Note: I haven’t done my usual job of thoroughly examining the last 5 years of financial data (time constraints of my full-time job), so I’ll be relying on equity, NPAT and assets figures from a proprietary, 3rd-party source.
According to the IFM website,
Infomedia’s electronic parts selling systems have become the global standard for the automotive industry, used by more than 57,000 users in over 160 countries and 34 languages.
In 2000, Infomedia acquired Datateck Publishing Pty Ltd, a data management company, resulting in an immediate broadening of the Infomedia product and service range. Since then, the Company has worked steadily on both consolidating its position as an electronic parts catalogue provider of choice for the global automotive industry, as well as exploring opportunities in other complex parts and service dependent industries.
IFM’s main product is Microcat Live – a microsot.net-based tool that enables the service staff of vehicle dealers to swiftly and accurately find replacement parts. Major clients of IFM include Kia Europe, Toyota Australia and Mexico, Honda Australia, Jaguar, Land Rover and Ford.
Infomedia is headquartered in Sydney with support centres in Australia, Europe, Japan, Latin America and North America.
IFM’s return on equity has ranged between 36% and 26% over the last 5 years, with NPAT showing a worrying downtrend over the same period ($15.3m to $9.3m). This has occurred despite share buy backs in FY08, ’09 and ’10, which should act to increase ROE if profits were being maintained. Not a good sign.
IFM is currently debt free. According to Commsec equity has hovered between $0.08 and $0.14 per share for a decade, sitting at $0.11 as of Jun 2010. Intangibles are currently estimated at $0.10 per share compared to tangibles of $0.02, however earnings are only $0.04 per share. Given the decreasing NPAT trend, one should question whether the intangible assets represent fair value.
A quick glance at the 2010 annual report shows little in the way of director histories. Corporate experience outside IFM seems to be concentrated in two directors, who have held executive and non-executive positions in Cash Converters, Itx Group and a few financial companies. Board tenure is quite long, with most members in their roles since the late nineties and early noughties.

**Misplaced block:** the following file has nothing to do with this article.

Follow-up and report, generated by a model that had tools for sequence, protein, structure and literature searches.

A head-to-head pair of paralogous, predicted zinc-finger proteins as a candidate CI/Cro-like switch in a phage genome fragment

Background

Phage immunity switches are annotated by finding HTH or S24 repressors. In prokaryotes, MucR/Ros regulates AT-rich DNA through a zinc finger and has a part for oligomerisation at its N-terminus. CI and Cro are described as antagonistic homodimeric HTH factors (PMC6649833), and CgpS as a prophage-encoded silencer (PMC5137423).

Salary makes up the majority of all key personnel remuneration, with bonuses typically making up 15% or less of total packages. Internal management ownership of IFM is negligible.
Management have a history of paying dividends in excess of profits (as seen in the preceding ROE graph in 2007). In our opinion this is a sign of poor capital management.
- Diversified client base
- Widely-accpeted product
- Foreign exchange movements, particularly the elevated AUD
- Downturn in automotive industry as Western economies enter a period of low demand
- Decreasing NPAT and questionable capital management decisions
Infomedia is a classic example of a high-yield dividend stock that requires closer scrutiny. Despite its inclusion in my article on Monday, a fundamental value investor should be wary of a stock with volatile ROE, high intangibles and questionable capital management practices. Throw in the macroeconomic factors of exchange rate movements and a possible downturn in Western consumer demand, and IFM suddenly looks less like a safe dividend stock and more like a company facing serious challenges.
At Empire Investing we’d consider Infomedia non-investment grade.
Assuming normalised ROE (including franking credits) drops from 30% to 20% over the next 5 years, with 10% reinvested and a current equity per share level of $0.12, Empire would value IFM at $0.20 per share.
As we do not consider IFM investment-worthy, we would not recommend a maximum buy price.
Disclosure: The author is a Director of a private investment company (Empire Investing Pty Ltd), which has no current interest in the businesses mentioned in this article. The article is not to be taken as investment advice and the views expressed are opinions only. Readers should seek advice from someone who claims to be qualified before considering allocating capital in any investment.